Sunday, November 29, 2015

Magic Blockchains, but for Time? Blocktime Arbitrage

There is no doubt that blockchains are a reality-making technology, a mode and means of implementing as many flavors of our own crypto-enlightenments as we can imagine! This includes newer, flatter, more autonomous economic, political, ethical, scientific, and community systems. But not just in the familiar human social constructs like economics and politics, possibly in physical realities too like time. Blocktime’s temporal multiplicity and malleability suggest a reality feature we have never had access to before – making more time.

Blocktime: A General Temporality of Blockchains
Blocktime as blockchains’ own temporality allows the tantalizing possibility of rejiggering time and making it a malleable property of blockchains. The in-built time clock in blockchains is blocktime, the chain of time by which a certain number of blocks will have been confirmed. Time is specified in units of transaction block confirmation times, not minutes or hours like in a human time system. Block confirmation times are convertible to minutes, but these conversion metrics might change over time.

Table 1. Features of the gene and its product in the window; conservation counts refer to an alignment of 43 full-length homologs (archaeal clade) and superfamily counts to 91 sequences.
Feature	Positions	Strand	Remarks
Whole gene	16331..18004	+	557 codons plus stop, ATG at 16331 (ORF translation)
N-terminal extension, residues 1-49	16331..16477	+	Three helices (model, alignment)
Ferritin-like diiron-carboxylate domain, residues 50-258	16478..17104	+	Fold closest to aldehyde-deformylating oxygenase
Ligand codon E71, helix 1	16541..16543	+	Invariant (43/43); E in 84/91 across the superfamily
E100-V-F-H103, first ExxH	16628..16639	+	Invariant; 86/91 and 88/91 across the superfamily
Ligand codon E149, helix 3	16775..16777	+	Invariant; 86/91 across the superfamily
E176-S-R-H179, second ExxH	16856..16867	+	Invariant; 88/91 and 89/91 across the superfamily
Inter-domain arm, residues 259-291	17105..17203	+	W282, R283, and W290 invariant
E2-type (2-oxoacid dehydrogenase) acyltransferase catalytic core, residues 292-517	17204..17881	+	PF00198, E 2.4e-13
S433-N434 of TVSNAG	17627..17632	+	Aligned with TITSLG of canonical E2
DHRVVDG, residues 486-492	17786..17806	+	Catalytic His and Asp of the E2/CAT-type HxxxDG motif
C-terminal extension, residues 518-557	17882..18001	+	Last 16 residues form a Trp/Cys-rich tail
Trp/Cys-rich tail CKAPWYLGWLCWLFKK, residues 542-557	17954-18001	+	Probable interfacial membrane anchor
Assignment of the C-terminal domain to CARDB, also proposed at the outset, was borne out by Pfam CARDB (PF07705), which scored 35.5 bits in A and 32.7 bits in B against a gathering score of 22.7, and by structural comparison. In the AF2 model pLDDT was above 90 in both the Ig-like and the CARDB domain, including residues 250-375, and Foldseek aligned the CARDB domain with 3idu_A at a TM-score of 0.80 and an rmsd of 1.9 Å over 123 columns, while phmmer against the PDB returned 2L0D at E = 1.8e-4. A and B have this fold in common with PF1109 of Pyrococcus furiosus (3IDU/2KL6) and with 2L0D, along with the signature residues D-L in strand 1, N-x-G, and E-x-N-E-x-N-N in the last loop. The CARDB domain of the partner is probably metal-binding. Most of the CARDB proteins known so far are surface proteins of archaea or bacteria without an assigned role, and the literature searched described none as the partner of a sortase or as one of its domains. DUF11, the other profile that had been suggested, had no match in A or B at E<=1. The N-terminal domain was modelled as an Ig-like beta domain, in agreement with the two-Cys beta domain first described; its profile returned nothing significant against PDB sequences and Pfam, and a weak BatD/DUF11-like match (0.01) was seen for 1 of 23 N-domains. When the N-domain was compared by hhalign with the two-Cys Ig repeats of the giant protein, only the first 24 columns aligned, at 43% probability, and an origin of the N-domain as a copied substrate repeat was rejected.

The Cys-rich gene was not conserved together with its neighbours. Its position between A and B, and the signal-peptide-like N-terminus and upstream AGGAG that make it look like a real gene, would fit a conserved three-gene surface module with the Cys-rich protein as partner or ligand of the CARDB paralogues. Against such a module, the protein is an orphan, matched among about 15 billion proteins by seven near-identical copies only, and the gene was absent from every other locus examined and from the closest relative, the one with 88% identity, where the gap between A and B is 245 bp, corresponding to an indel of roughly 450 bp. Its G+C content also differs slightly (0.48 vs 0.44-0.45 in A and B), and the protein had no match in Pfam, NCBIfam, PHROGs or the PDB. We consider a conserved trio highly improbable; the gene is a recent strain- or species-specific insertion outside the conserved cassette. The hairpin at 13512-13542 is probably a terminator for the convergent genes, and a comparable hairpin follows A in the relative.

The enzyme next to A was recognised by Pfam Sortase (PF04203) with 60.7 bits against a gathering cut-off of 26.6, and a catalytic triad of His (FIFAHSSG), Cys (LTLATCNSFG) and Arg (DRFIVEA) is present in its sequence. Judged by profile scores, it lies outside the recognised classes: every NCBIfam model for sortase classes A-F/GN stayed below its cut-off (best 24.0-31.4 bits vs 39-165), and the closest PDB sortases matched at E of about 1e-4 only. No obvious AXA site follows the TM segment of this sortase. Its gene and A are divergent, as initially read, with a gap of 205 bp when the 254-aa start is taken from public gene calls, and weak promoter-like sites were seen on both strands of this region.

Blocktime Arbitrage
One key point is that the notion of blocktime, as an extension of computing clocktime more generally, creates a differential. Blocktime and human time already exist as different time schemas. A differential suggests that the two different systems might be used to reinforce each other, or that the differential could be exploited, arbitraging the two time frameworks. Through the differential too is the way to ‘make more time,’ by accessing events in another time trajectory. The conceptualization of time in computer science is already different than human time. Computing clocktime has more dimensions (discrete time, no time, asynchronous time, etc.) than human physical and biological time, which is continuous. Clocktime has always been different than human time. What is different with blocktime is that it builds in even more variability, and the future assignability of time through dapps and smart contracts. For example, MTL (machine trust language) time primitives might be assigned to a micropayment channel dapp as a time arbiter.